BEHIND the development of brand identities, awareness campaigns and segmentation there lies a core issue which is not getting any better with the passage of time.

The problem is that the marketing managers of today are refusing to take responsibility of sales and are distancing themselves from sales figures.

Selling has always been the core function of business at all times, whether it revolves around building long-term customer relations or just one-off transaction-based sale.

The excessive competitive nature of the post-industrial era has seen considerable rise in the demand of certain techniques that can help in targeting the market. In other words, develop products into brands, matching the lifestyle, identity and preferences of the consumer.

The promotion of campaigns to achieve these objectives gave an important role to advertising agencies too, making use of the creative talent of artists and copywriters, utilising various types of print and electronic media and maintaining substantial marketing budgets.

Retrospectively, the last three years have seen the middle and lower income group in the developing world moving away from self-concept at a pace. Priorities have changed like never before.

Today, brands are desperate for instant boost in sales, and they are forced to utilise traditional methods of sales promotions such as reduction in prices, clearance sale, buy one get one free, etc., instead of conventional marketing methods such as building brand associations with consumers while taking into account their self-concept, preferences and lifestyle.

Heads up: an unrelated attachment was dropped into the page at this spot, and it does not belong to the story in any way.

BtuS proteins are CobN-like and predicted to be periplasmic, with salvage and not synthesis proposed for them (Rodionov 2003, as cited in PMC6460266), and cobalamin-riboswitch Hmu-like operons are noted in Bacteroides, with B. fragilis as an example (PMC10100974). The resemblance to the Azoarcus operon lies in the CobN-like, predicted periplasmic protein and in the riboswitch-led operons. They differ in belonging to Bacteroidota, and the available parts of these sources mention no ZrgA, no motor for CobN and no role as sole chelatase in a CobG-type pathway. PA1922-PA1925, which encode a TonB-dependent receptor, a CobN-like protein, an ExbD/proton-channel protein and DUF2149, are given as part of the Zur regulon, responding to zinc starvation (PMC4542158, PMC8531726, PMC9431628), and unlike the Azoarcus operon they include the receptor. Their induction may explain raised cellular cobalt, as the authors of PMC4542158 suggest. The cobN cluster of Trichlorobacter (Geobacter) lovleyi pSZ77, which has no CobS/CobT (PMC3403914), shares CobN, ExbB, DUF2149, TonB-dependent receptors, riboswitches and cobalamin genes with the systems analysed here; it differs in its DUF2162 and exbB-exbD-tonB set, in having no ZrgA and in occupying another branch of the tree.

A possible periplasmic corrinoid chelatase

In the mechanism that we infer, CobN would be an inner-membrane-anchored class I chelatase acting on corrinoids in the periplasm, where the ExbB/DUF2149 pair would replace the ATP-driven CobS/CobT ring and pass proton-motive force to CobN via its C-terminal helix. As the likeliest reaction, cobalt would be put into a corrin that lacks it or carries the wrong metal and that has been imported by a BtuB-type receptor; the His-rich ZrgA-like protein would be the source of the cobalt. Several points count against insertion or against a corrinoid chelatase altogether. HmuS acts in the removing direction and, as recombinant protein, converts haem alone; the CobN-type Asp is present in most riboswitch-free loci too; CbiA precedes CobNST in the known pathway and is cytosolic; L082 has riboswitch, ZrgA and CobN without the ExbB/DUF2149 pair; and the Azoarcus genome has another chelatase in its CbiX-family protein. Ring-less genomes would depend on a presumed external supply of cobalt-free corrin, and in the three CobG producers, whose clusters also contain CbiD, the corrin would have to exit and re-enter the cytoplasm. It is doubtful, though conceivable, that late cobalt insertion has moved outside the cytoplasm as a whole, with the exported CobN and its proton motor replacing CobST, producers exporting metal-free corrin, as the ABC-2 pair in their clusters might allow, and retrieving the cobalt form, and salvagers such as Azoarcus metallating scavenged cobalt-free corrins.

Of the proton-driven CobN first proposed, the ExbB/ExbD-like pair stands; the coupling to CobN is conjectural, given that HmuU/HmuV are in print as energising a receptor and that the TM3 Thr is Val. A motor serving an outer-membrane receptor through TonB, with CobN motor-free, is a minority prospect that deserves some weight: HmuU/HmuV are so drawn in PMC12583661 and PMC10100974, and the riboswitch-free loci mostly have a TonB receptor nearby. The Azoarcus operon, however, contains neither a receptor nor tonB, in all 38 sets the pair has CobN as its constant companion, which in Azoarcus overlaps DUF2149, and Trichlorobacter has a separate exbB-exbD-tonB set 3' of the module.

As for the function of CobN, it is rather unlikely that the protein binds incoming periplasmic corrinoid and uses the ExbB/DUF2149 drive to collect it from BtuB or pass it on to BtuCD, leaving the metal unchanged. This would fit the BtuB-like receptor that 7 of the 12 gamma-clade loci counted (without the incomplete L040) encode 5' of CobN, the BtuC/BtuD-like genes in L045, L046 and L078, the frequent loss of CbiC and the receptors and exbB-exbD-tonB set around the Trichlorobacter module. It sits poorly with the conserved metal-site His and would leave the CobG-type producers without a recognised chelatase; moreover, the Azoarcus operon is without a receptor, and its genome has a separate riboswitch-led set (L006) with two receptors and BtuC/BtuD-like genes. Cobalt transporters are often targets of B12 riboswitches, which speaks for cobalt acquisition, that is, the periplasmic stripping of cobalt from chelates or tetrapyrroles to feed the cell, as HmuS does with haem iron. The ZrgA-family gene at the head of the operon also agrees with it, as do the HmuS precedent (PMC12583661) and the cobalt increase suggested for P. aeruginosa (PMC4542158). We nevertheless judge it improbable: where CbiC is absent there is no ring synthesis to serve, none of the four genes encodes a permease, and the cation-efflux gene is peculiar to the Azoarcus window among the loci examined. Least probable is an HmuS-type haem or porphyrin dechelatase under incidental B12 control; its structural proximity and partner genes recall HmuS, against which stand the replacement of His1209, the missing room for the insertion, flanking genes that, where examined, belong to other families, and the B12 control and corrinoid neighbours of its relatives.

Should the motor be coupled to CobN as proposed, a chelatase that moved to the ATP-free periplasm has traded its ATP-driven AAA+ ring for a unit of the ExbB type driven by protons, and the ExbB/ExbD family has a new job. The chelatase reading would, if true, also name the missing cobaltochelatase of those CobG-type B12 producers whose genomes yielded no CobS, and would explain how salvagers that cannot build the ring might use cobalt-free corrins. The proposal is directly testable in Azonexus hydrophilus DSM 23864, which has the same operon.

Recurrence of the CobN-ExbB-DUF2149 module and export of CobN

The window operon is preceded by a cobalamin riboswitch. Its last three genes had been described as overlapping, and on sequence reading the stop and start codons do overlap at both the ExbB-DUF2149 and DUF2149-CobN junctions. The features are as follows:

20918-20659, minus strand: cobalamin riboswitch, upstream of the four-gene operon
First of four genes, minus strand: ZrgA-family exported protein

Conclusively, some questions come to mind: how long will academics and practitioners take to effectively integrate marketing function with sales targets and sales performance?

When will marketers start to emphasise on measurable data and tangible facts since the traditional marketing methods do not seem to be working too well under the current circumstances?

MENAHIL ATTA Lahore

Updated Nov 09, 2012 09:17pm

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Comments (Closed)


Sue Sturgess
Nov 11, 2012 01:39am
perhaps the better question is, when will they stop spending millions / billions on advertising campaigns, trying to establish product differentiation which does not exist, and trying to create a demand that simply isn't there. People will always buy products that they need, whether adverised or not.